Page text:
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Data Subject Access Request (DSAR) Guide

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A Data Subject Access Request (DSAR) is a submission by an individual (data subject) to a business asking to know what personal information of theirs has been collected and stored as well as how it is being used. Data subjects can also use a DSAR to ask that certain actions be taken with their data. Action requests may include deleting their data, amendment of incorrect data, or opting out of future data collection.

The DSAR is a key component of GDPR and CCPA, and it provides transparency so individuals can understand how their personal data is used.
The DSAR is a key component of GDPR and CCPA, and it provides transparency so individuals can understand how their personal data is used.

What is a Data Subject Access Request (DSAR)?

Data Subject Access Request (DSAR) is a term introduced by the General Data Protection Regulation (GDPR). It is now used interchangeably with SAR, IRR, VCR, and SRR. With both the California Consumer Privacy Act (CCPA) and GDPR, businesses should provide clear instructions for how a data subject can submit a DSAR.

GDPR—Recital 63:

a data subject should have the right of access to personal data which have been collected concerning him or her and to exercise that right easily and at reasonable intervals, to be aware of and verify, the lawfulness of the processing.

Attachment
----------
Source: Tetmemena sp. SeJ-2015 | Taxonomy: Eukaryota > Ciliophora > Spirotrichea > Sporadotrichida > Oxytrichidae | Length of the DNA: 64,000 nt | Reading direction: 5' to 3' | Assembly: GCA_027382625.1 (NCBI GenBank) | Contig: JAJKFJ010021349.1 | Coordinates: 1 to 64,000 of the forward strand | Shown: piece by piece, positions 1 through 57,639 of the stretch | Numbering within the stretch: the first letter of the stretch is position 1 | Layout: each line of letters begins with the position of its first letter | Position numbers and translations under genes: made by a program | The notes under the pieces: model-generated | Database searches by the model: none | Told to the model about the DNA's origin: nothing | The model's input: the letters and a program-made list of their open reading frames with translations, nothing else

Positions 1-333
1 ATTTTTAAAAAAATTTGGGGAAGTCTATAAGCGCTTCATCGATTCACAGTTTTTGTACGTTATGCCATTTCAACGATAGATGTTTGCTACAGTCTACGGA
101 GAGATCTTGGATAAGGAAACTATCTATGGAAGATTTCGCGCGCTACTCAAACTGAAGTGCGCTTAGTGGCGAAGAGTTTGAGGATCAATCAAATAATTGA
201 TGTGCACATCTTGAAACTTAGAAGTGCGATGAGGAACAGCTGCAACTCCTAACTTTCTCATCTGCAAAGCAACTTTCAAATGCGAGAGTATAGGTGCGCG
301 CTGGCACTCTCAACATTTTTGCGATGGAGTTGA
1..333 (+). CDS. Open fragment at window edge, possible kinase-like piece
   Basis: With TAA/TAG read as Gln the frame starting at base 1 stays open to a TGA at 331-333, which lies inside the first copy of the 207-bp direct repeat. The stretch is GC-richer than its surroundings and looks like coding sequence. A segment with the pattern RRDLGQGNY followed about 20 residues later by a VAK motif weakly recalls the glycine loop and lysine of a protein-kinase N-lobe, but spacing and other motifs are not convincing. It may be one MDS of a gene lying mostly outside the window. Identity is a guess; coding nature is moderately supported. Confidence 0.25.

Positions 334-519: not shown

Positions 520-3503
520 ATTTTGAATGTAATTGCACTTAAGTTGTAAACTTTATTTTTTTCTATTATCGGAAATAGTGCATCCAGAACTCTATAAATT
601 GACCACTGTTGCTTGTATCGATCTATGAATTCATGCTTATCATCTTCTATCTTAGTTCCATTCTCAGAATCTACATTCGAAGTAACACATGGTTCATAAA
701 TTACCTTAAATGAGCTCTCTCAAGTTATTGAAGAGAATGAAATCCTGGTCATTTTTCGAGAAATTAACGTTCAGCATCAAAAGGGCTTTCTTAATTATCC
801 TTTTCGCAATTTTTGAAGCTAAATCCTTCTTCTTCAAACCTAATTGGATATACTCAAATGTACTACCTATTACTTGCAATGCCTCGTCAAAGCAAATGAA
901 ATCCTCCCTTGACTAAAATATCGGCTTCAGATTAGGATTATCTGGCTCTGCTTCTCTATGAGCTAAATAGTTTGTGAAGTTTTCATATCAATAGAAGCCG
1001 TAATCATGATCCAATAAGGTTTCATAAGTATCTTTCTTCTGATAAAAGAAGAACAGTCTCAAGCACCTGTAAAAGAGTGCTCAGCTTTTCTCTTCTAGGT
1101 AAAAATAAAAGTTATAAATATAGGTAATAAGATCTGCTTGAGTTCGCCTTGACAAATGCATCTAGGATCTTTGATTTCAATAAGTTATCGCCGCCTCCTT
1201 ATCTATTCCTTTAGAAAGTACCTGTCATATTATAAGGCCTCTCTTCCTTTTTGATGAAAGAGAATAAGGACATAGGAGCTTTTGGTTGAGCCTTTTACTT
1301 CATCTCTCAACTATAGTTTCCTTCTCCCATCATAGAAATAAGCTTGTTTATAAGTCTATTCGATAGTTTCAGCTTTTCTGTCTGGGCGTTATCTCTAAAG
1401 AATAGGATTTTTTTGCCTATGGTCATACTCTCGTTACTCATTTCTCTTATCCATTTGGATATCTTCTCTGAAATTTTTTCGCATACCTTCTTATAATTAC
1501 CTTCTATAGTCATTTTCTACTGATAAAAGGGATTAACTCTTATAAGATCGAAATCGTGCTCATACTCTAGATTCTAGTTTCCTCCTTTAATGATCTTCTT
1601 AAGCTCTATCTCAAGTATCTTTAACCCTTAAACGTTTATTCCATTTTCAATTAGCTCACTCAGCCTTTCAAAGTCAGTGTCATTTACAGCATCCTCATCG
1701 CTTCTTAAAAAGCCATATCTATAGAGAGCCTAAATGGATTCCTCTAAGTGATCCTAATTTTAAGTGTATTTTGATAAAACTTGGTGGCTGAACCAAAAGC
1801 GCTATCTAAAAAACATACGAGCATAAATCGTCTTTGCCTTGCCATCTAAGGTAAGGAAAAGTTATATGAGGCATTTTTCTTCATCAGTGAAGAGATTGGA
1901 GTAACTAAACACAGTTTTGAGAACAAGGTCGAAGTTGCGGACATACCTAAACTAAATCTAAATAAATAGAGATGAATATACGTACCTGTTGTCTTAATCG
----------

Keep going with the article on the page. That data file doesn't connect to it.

CCPA—Title 1.81.5. California Consumer Privacy Act of 2018 (1798.100 C, D):

A business shall provide the information specified in subdivision (a) to a consumer only upon receipt of a verifiable consumer request.

A business that receives a verifiable consumer request from a consumer to access personal information shall promptly take steps to disclose and deliver, free of charge to the consumer, the personal information required by this section.

While the CCPA’s DSAR requirements are similar to the GDPR’s, there are some differences regarding how a DSAR must be processed. (Note: other privacy laws also have differences that need to be considered.)